Ten signs it’s time to stop and ask for help: guest post by Lucy Reed

This is a guest post from Lucy Reed, a barrister with who blogs at Pink Tape and tweets as @familoo. Anyone a) vaguely legal or b) generally interested in life should really be following her anyway, but just in case you do not this is how she describes herself on Twitter.

Family lawyer & blogger . Ovaries of steel, abs of jelly. Author Chair .

I am delighted she has shared this post with me and I don’t want to get in the way of it with a long introduction. I will quickly note how this blog post came about though.

A few weeks ago there was some publicity in England & Wales about McKenzie friends – legally unqualified buddies who provide support but not legal advice to people in court – and specifically student and remunerated McKenzies. The blogs Nearly Legal (by Giles Peaker) and Lawyer Watch (normally by Professor Richard Moorhead, but in this case a guest post by Dr Leanne Smith) posted about this topic. Lucy posted about it too. I recommend all those posts. I watched this unfold from a safe Scottish distance, although I did wonder if there might be a slight amount of collateral damage to some student pro bono activity, a topic and a cause I have an interest in. I also wondered if there might be some good that could come out of this, namely an opportunity to remind students, junior practitioners, McKenzies, or whoever that there can be times when you have bitten off more than you can chew. It is important both to minimise those situations and know how to react to them when they arise. I asked Lucy if she might offer her wisdom on the topic and she agreed. Over to Lucy to explain.

(For Scottish readers, I have added a couple of footnotes to give the Scots law equivalents when English examples are given.)

Ten signs it’s time to stop and ask for help

To survive as a law student or newly qualified lawyer you have to project confidence even if you don’t feel confident all of the time. But it’s important never to forget the value of humility. Humility protects you against career ending errors.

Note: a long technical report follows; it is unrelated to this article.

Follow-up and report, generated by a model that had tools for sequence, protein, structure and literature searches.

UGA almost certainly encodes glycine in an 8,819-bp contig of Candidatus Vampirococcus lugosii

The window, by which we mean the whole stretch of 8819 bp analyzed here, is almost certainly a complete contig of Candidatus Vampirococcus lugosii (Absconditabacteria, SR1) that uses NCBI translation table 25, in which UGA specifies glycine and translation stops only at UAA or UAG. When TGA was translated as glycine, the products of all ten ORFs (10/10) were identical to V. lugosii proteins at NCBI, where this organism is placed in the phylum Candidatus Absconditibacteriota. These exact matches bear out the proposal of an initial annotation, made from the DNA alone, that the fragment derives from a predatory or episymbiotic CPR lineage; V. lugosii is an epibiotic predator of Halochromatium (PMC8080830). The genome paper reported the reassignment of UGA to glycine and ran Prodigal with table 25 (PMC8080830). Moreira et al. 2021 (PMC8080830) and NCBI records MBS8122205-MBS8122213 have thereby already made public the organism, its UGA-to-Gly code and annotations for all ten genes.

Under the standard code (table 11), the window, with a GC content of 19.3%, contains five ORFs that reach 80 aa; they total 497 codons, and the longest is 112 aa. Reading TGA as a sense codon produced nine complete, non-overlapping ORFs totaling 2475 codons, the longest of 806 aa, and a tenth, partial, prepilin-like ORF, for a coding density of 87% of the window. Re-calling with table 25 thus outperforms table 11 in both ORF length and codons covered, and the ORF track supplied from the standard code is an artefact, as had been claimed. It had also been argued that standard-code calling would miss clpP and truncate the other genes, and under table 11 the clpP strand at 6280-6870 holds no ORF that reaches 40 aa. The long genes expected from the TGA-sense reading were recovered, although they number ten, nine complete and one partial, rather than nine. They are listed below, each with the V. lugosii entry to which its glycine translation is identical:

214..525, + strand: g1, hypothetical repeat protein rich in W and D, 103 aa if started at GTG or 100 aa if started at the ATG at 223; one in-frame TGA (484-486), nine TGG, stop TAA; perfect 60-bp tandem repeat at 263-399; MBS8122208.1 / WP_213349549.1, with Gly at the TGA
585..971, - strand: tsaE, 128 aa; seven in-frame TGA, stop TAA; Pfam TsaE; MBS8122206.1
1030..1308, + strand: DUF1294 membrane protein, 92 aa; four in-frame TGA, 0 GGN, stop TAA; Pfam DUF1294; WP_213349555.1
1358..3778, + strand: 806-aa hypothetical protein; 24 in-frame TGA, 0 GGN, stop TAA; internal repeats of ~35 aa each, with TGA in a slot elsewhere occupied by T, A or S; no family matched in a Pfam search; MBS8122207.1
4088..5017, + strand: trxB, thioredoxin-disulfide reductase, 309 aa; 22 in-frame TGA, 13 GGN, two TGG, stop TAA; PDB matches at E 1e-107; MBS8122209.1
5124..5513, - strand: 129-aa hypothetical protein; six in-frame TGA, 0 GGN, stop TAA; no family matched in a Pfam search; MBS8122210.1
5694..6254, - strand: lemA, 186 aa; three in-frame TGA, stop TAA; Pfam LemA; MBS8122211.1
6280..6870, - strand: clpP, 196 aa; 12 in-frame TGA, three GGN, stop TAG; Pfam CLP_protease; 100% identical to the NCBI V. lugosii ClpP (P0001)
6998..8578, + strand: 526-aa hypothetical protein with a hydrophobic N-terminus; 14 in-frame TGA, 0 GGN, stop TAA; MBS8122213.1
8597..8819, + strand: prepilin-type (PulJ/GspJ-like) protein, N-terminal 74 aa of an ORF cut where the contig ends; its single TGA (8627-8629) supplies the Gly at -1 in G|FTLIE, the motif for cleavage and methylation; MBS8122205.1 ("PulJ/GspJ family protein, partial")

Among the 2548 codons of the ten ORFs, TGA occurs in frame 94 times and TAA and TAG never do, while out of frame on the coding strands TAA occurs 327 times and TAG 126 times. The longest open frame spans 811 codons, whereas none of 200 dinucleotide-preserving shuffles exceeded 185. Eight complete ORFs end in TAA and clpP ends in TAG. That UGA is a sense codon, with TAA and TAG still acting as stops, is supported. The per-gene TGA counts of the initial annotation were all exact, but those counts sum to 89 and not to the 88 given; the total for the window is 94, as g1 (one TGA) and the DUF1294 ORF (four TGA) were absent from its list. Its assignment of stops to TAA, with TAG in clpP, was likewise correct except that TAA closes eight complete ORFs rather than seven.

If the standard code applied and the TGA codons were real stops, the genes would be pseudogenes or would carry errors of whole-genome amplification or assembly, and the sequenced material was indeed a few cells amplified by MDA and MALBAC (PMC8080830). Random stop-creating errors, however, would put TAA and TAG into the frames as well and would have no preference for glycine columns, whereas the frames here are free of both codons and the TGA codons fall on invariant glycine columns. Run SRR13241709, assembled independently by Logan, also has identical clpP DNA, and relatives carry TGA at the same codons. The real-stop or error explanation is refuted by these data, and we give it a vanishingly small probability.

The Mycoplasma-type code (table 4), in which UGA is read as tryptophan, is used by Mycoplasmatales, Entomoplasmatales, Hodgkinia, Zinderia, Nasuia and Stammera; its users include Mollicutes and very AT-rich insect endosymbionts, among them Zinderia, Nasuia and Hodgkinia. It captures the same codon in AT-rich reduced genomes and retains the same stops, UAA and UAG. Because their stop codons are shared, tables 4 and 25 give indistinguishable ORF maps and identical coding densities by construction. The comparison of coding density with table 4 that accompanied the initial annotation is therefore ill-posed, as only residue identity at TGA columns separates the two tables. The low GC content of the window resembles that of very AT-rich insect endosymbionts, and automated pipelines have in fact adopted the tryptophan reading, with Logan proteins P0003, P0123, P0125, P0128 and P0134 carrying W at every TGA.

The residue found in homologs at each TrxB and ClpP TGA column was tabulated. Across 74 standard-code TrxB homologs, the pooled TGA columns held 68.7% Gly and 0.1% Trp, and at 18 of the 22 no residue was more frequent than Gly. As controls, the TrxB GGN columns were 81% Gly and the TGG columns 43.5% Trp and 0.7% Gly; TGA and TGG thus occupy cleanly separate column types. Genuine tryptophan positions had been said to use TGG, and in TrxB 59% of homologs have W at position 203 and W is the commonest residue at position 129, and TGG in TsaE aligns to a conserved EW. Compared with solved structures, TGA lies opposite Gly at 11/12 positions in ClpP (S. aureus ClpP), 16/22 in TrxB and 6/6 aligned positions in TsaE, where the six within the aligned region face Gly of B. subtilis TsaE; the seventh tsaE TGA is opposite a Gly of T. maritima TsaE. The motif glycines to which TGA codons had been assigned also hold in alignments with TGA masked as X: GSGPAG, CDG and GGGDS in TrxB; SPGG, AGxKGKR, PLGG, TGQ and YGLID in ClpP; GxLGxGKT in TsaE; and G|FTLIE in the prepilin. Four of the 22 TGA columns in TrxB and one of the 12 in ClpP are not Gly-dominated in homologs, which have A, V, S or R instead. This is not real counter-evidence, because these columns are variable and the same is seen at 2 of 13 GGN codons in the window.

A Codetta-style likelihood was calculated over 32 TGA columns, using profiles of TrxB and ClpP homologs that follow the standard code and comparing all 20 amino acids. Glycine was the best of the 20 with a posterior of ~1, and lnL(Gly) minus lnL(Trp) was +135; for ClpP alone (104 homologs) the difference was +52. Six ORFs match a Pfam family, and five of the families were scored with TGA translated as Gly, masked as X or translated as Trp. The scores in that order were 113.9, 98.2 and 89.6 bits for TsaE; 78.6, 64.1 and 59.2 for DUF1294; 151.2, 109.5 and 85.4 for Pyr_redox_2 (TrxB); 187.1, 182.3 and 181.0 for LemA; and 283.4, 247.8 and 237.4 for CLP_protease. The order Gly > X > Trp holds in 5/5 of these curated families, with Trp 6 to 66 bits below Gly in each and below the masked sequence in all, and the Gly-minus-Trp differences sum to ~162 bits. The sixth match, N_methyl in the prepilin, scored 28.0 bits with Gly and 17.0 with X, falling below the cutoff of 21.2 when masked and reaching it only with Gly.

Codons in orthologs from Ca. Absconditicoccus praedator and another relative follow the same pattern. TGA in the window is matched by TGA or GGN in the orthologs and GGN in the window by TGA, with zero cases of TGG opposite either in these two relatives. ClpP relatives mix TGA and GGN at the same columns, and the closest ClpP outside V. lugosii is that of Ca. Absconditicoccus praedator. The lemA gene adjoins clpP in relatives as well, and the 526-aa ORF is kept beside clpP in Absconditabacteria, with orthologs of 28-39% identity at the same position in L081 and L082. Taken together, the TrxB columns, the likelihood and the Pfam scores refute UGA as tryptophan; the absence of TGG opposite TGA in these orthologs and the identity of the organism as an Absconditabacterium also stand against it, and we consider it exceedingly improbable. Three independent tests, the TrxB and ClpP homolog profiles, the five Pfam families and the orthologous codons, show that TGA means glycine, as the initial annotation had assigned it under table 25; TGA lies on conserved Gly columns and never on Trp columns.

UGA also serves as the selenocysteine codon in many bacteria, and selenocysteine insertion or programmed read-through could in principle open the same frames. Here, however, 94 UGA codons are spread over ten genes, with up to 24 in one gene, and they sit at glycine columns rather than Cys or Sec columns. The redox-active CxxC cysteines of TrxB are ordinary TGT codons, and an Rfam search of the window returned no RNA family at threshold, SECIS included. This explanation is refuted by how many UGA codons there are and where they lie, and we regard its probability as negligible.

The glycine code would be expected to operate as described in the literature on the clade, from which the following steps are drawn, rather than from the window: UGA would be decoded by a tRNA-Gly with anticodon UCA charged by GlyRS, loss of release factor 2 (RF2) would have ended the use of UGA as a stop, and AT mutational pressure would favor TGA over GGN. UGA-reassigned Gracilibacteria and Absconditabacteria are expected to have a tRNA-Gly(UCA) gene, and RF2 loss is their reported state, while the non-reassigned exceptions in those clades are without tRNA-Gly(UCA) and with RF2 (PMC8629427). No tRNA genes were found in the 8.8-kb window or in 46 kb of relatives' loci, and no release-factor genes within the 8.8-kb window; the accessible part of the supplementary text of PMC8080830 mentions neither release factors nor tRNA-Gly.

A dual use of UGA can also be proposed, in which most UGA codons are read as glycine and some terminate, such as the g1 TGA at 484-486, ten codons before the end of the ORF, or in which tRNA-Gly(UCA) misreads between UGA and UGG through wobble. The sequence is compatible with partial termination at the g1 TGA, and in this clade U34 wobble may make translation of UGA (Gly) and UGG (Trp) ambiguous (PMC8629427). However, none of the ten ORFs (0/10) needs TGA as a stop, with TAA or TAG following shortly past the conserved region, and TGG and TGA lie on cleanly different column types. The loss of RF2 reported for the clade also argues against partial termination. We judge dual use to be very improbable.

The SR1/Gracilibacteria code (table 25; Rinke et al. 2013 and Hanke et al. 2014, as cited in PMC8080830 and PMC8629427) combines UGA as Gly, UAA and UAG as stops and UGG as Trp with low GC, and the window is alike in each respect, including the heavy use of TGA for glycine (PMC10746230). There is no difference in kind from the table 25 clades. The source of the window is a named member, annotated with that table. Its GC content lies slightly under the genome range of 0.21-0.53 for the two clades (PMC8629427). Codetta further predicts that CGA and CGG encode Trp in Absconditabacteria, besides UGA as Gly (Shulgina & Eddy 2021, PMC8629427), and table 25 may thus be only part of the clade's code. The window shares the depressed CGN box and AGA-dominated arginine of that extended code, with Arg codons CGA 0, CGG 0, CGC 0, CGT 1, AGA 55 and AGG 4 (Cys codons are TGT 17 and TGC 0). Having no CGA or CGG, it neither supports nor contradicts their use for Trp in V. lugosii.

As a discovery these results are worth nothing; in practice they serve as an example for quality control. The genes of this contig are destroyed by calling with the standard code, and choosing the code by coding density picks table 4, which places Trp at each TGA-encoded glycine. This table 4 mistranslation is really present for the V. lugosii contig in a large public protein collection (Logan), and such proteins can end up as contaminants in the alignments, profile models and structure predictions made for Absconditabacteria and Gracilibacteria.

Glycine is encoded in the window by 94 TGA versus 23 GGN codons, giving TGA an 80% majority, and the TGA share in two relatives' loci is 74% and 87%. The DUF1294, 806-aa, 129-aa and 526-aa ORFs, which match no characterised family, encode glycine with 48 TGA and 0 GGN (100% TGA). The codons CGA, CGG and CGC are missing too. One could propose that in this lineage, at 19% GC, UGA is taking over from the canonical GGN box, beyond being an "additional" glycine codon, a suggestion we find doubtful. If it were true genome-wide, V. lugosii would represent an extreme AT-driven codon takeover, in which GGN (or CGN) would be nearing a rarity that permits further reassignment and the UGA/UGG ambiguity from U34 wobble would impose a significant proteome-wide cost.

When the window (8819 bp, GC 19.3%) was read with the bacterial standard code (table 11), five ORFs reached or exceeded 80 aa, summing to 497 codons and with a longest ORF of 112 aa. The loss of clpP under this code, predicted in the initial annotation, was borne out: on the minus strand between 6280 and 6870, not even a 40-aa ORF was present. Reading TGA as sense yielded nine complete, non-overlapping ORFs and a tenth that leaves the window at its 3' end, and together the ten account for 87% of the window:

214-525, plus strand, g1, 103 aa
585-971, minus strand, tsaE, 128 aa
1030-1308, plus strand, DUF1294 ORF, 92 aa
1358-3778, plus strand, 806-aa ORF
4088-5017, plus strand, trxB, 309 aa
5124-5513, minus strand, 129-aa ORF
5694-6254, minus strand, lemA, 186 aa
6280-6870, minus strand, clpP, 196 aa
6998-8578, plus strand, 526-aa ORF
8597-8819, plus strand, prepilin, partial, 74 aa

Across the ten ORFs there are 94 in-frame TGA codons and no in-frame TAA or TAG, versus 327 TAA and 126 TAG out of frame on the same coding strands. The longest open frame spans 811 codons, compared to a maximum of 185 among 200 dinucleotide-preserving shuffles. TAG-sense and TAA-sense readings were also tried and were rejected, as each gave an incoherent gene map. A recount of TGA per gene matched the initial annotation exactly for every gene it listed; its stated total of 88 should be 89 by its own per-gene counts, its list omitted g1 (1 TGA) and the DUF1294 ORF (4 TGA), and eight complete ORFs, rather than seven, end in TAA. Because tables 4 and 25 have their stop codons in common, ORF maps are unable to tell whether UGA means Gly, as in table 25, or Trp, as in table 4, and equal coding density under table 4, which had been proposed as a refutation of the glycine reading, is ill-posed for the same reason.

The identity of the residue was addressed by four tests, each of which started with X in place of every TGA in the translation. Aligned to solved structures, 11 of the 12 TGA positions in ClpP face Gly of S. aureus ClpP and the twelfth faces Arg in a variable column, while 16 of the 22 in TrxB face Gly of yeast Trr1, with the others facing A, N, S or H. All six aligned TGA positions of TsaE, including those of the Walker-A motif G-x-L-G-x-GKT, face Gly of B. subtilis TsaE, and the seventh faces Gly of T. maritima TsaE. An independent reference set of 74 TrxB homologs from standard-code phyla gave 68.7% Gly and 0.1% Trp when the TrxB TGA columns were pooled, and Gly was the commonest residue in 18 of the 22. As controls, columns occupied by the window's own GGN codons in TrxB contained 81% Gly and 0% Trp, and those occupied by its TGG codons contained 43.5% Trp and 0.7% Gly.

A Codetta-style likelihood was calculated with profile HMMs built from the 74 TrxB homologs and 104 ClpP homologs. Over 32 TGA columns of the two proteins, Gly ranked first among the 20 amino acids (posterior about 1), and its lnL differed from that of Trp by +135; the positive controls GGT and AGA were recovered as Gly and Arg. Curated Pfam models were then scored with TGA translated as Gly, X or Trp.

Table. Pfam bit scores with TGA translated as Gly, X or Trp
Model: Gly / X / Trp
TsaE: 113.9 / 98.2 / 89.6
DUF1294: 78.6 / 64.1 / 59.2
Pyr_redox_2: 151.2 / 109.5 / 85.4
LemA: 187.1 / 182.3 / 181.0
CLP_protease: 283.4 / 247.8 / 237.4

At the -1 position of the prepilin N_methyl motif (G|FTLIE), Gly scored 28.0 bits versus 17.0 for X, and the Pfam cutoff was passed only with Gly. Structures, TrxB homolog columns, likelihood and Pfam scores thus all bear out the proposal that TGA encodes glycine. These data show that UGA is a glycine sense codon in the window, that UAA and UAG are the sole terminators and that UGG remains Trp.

Being a cocky little wotsit may be a good short term coping strategy, but not if it leads you into making some daft mistake which will have ripple effects for your career and your client’s life. It’s far better to ask a colleague, your supervisor or senior for help when it turns out you didn’t really need it than to wing it and have to go to them after it’s all gone pear shaped.

I’m assuming here that you are a law student doing pro bono / clinic work or a newly qualified lawyer being let loose on stuff you may have seen but haven’t done before.

So. When do I need to pause and ask for help?

  1. When you’re starting out, pretty much everything will be unfamiliar territory. Those things that are almost like the scenario in the text book but not quite – those are gonna trip you up. ASK.
  2. When your client asks you a question you don’t know the answer to. It’s ok to say “I need to check the answer to that”. Have your phone a friend on speed dial. DO NOT WING IT.
  3. When the judge asks you a question you don’t know the answer to. It’s ok to say “I need to check the answer to that – may I have five minutes?” or “May I come back to you after the luncheon adjournment?”. Have your phone a friend on speed dial. DO NOT WING IT. (Hint – the judge knows you are inexperienced. The judge was in your shoes once. Most judges will cut you some slack.)
  4. When there is something you really didn’t get in law school and you glossed over it and fortunately it didn’t come up in the exam and… all of a sudden you’re confronted with it – NOW you gotta confess all and ASK. (Mine was the difference between tenants in common and joint tenants*. And basically the whole of the law of equity. Don’t tell anyone.)
  5. When you’ve flip flopped more than once on the right answer to something. TALK IT THROUGH WITH A COLLEAGUE.
  6. If it’s outside your usual field – ASK.
  7. Student / pro bono schemes: if it’s outside the parameters of the scheme you are operating under. It’s not just okay to say, “this is not within the scheme.” It’s a must. You are probably running under someone else’s insurance. If it’s not within the scope of the scheme that is for a reason. Don’t be an idiot. CHECK WITH YOUR SUPERVISOR.
  8. When you find yourself thinking “this would be an amazing case to have on my CV! I could take it all the way to the Court of Appeal**”… STOP. Talk it through with someone who has been doing it for more than five minutes. You don’t get any glory for crashing and burning in the Court of Appeal. The exciting prospect of a “big case” can wreck your objectivity.
  9. If your case depends on overturning a Court of Appeal or Supreme Court / House of Lords authority – you might be right. But check with someone more experienced.
  10. If you have a nasty sicky feeling in the pit of your stomach that you are out of your depth – you might be right. Or you might just be a really fantastic young lawyer with a smidge of imposter syndrome. But you don’t know until you check. SO CHECK.